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Category Archive for 'law'

I have recently become aware of the news that a company has patented regional brain responses to “appeal” and “engagement”. Through the scarcity of the material presented, it is really hard to get an idea of what the patent really entails. But from the sound of it, we are suggested that the patent is about […]

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We highly recommend this interesting conference, and please note that the deadline for registration is tomorrow (!!!). So get this out to all and everybody, and see to that you register. Sounds like a good spot, too, for holding a conference ESF-COST Conference LAW AND NEUROSCIENCE: OUR GROWING UNDERSTANDING OF THE HUMAN BRAIN AND ITS […]

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Michael Gazzaniga is one of the directors of a very interesting new neuroethics project, The Law & Neuroscience Project, supported finacially by The MacArthur Fondation. The aim of the project is to convene experts from a number of disciplines (neuroscience, law, philosophy, etc.) to discuss how our understanding of the brain impacts – or, perhaps, […]

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Recently, the newspaper Guardian provided a news story that many people probably thought of as a prank. The chimpanzee Hiasl (pronounced Hee-sel) was suggested to be given human rights, i.e., to be recognized as a person. But it was not a prank. Indeed, activists and well-renowned scientists such as Jane Goodall have fought for the […]

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Adolescence is a period of dramatic transformation in the healthy human brain, leading to both regional and general brain volume changes. Recent high-resolution Magnetic Resonance Imaging (MRI) studies emphasize the effects of ongoing myelination, indicating a substantial maturation process (see Figure 1). The period of adolescence is often defined as spanning the second decade of […]

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Violence and criminal behaviour is today thought to involve a series of complex interactions between heritable and environmental factors. Centuries of debate of the relative contribution of nature and nurture have not reached anything resembling a solution, and even today we can find ardent proponents and defenders of each extreme view (see Steven Pinker on […]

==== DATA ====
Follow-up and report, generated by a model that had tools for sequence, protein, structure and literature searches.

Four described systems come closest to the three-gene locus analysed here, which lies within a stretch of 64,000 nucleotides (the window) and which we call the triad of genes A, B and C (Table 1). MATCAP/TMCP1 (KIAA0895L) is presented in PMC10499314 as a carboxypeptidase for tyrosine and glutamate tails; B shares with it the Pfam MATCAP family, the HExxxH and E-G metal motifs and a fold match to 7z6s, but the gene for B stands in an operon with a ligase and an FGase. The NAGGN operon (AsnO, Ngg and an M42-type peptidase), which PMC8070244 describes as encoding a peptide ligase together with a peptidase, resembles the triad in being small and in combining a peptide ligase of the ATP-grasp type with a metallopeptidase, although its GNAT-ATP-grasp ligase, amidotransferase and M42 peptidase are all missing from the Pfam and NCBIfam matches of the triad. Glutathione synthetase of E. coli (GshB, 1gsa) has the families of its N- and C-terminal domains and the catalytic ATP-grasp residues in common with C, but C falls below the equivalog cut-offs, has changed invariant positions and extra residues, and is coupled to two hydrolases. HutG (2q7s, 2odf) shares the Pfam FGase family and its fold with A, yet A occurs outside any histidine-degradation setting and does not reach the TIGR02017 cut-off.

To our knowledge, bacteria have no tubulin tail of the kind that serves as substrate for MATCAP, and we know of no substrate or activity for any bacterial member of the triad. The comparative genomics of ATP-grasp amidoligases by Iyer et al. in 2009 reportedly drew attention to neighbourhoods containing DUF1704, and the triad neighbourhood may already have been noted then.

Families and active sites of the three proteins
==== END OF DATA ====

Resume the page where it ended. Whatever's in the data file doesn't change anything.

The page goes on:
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Our willingness to engage in punitive acts is a key part of our society. So claims a recent article in Science. Through the experiments of Milgram, Asch, Zimbardo, and Sherif psychologists have studied humans' engagement in costly social relationships with non-kin. With many of these experiments being done in students only, it has been hard […]

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Nature Neuroethics

It’s a long shot, I know. We’ll never see a Nature Neuroethics or a Trends in Neuroethics. But this week’s issue of Nature caught me surprised with the release of two articles on ethical aspects of neuroscience. It really demonstrates how hot and important this issue is. Basically, both articles are on the application of […]

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Volume 13, issue 5 of the Journal of Clinical Neuroscience contains – in my opinion – a very strange article. It's called "Ethics in medical technologies: The Roman Catholic viewpoint" and is written by Joseph Życiński. I found a wiki-like version of the paper here. The article is not strange because of its topic per […]

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Today's featured article at Wikipedia is about transhumanism, "an international intellectual and cultural movement supporting the use of new sciences and technologies to enhance human physical and cognitiveameliorate what it regards as harsh and unnecessary aspects of the human condition, such as disease and aging." If you think of humanism as the attempt to help […]

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